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In a conversation with a friend, he slipped that he intended to go to an interview for a senior position in software development. I was surprised, since I was under the impression he liked his current job. Imagine my surprise, when after asking him if he wants to leave his job, he said he doesn't intend to. He would only go to an interview to test his skills and get the feedback (albeit only Boolean) about whether he'd get hired for a certain position, though he doesn't really think of accepting an offer from the said company.

On the one hand, I realize this is some very valuable information for a professional.

On the other hand, I have the feeling it's highly unethical and basically it is wasting the time of the interviewer, since I doubt he'd take something from the interview.

How is that regarded in the industry? Is it considered rude and unethical? Or am I in the wrong side in this argument?

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I've actually found that going out to companies and interviewing with them was more valuable than doing mock interviews with mentors, friends, or university resources. This was when I was a total newbie to the market though. It was a good way to test out questions and improve myself through that process regardless of whether I was offered something or not. –  Matt Chan Jun 13 '12 at 12:38
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I have heard of some people going on "test" interviews for the sole purpose of keeping their skills sharp. The person who told me this also told me that the interviewer was aware of the situation and had no problem interviewing the candidate even though there was no chance of them accepting. I heard about this from someone who worked in law, so maybe in some industries it's common and accepted to the point that the candidate can feel comfortable being open about their intentions. I know I'd like to be able to do this; it would make real interviews less nerve-wracking if I got more practice. –  FrustratedWithFormsDesigner Jun 13 '12 at 15:32
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There is a difference between an attitude of intending to stay in one's current job and being completely closed to a change. A person can go on an interview with an expectation of staying put, but being open to the possibility (even thinking there's only a 1% chance) that the interviewing organization will make an offer that is too good to pass up. –  GreenMatt Dec 27 '12 at 22:53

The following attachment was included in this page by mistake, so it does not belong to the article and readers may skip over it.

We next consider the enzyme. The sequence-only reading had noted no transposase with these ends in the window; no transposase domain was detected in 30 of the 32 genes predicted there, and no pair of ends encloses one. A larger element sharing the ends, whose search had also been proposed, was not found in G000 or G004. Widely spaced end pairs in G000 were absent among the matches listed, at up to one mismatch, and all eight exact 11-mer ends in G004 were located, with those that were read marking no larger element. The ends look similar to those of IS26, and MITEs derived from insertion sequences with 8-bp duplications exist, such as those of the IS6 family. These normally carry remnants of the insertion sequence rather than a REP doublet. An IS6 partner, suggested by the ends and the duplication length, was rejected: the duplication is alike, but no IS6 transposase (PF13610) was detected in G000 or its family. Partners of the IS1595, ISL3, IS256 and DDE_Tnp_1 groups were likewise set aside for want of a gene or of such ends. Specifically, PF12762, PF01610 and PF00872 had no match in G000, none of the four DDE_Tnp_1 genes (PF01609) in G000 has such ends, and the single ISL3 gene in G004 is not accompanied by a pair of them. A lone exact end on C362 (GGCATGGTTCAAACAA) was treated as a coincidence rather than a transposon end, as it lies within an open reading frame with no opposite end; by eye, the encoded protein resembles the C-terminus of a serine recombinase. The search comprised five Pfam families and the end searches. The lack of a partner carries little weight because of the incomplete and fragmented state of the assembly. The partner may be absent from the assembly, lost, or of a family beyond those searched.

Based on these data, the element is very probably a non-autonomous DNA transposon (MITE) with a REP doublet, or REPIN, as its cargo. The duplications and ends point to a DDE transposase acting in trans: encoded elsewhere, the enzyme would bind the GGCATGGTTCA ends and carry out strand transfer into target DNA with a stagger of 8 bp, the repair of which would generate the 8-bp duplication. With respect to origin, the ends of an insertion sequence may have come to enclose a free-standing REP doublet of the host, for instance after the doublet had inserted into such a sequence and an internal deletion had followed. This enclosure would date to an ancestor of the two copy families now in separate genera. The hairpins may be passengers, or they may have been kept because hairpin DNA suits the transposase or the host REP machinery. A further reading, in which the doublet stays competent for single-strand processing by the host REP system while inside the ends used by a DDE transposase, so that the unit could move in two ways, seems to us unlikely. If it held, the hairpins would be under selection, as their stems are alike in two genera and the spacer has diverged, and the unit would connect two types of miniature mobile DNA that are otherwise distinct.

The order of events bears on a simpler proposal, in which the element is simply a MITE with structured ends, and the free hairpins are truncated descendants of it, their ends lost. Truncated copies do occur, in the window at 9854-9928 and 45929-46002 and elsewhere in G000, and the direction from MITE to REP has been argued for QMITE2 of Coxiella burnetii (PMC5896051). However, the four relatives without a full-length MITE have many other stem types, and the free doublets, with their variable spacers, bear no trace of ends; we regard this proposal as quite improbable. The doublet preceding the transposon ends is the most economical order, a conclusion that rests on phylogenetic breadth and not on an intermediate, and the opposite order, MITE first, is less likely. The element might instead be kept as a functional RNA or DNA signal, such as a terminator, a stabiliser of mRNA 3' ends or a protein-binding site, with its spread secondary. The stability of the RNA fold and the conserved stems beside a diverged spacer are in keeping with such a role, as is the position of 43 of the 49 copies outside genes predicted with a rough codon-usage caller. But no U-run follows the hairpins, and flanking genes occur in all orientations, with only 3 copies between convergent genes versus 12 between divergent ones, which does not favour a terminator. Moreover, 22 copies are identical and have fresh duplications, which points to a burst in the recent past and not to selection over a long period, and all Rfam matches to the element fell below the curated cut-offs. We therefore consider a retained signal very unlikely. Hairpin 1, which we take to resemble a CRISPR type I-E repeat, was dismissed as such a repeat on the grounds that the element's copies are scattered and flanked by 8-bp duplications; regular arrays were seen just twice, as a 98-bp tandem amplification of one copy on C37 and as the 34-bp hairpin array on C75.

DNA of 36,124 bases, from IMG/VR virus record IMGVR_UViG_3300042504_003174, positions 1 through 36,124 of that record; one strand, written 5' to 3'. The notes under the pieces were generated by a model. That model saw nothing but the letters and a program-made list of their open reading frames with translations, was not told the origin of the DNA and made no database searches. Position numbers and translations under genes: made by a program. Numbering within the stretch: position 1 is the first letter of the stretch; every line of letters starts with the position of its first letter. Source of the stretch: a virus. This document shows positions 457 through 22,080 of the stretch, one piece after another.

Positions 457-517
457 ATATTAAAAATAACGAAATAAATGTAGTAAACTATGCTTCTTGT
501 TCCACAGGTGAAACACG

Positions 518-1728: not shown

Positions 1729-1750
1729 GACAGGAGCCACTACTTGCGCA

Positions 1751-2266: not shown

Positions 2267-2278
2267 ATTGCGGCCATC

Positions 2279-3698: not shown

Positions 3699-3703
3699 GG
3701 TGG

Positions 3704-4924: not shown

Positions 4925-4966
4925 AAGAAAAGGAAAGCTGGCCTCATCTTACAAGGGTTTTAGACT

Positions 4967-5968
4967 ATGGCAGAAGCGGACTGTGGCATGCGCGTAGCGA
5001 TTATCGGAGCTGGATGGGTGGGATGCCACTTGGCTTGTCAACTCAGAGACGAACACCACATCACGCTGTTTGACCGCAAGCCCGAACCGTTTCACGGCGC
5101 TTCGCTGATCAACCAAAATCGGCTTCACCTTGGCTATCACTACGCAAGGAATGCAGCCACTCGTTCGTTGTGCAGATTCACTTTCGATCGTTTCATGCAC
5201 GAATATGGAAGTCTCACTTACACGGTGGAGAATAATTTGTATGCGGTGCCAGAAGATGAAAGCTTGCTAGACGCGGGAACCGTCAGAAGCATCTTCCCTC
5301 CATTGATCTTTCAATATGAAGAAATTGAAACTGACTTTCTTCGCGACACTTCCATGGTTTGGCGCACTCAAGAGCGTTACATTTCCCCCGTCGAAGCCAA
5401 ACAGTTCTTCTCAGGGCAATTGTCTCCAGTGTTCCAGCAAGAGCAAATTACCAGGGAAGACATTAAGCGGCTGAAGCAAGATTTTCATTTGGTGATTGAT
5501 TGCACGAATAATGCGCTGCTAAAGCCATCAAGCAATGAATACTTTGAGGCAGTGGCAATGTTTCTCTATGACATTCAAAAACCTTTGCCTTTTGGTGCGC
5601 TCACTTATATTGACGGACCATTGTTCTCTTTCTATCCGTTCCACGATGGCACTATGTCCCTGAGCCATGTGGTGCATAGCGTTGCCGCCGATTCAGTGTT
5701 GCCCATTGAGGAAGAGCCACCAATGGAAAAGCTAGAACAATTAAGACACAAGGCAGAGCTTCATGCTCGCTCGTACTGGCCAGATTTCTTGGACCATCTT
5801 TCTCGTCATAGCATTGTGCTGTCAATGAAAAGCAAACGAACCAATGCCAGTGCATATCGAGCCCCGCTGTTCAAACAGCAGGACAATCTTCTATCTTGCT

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in general any answers related to ethical/unethical are meaningless without context since every region has its own system of ethics; furthermore every industry has its own system of ethics. –  Yuck Dec 31 '12 at 3:24
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Note that the converse (interviewing people as a back-up or even just for show when one candidate is already all but certain to be hired) is not unheard of. Doing interviews and then deciding not to hire anyone (e.g. hiring freeze) happens too. That might alleviate some of your concerns. Being interviewed does not guarantee anything so why should it require any extraordinary commitment? –  Relaxed Mar 7 at 7:33

16 Answers 16

up vote 59 down vote accepted

It depends on how the interview came about. I have been contacted in the past without me soliciting for the position. They contacted me and invited me to an interview. They had to know that I wasn't ready to leave. The offer wasn't impressive, so I didn't take it.

Another time I was contacted via Monster. It ended up being perfect timing because a few weeks later it became clear that I needed to switch companies.

The person invests time in the process of interviewing, and so does the company. If there is zero chance the employee will switch, that isn't good. But if the employee is open to the possibility if the conditions are right, then there is little to be upset about.

In a typical hiring situation they look at dozens to hundreds of resumes/profiles, and only a small fraction get interviews. And only one at a time gets an offer. It is unlikely that a company will be upset.

Also keep in mind that it can take weeks to months to work your way through the process of applying, filtering, interviewing and getting an offer. Sometimes it is a good thing to do, just for the feedback. One day it will have to be done for real, and the experience gained will be invaluable.

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@K.Steff - If your resume is current then it indicates you are currently employed. –  Ramhound Jun 13 '12 at 17:56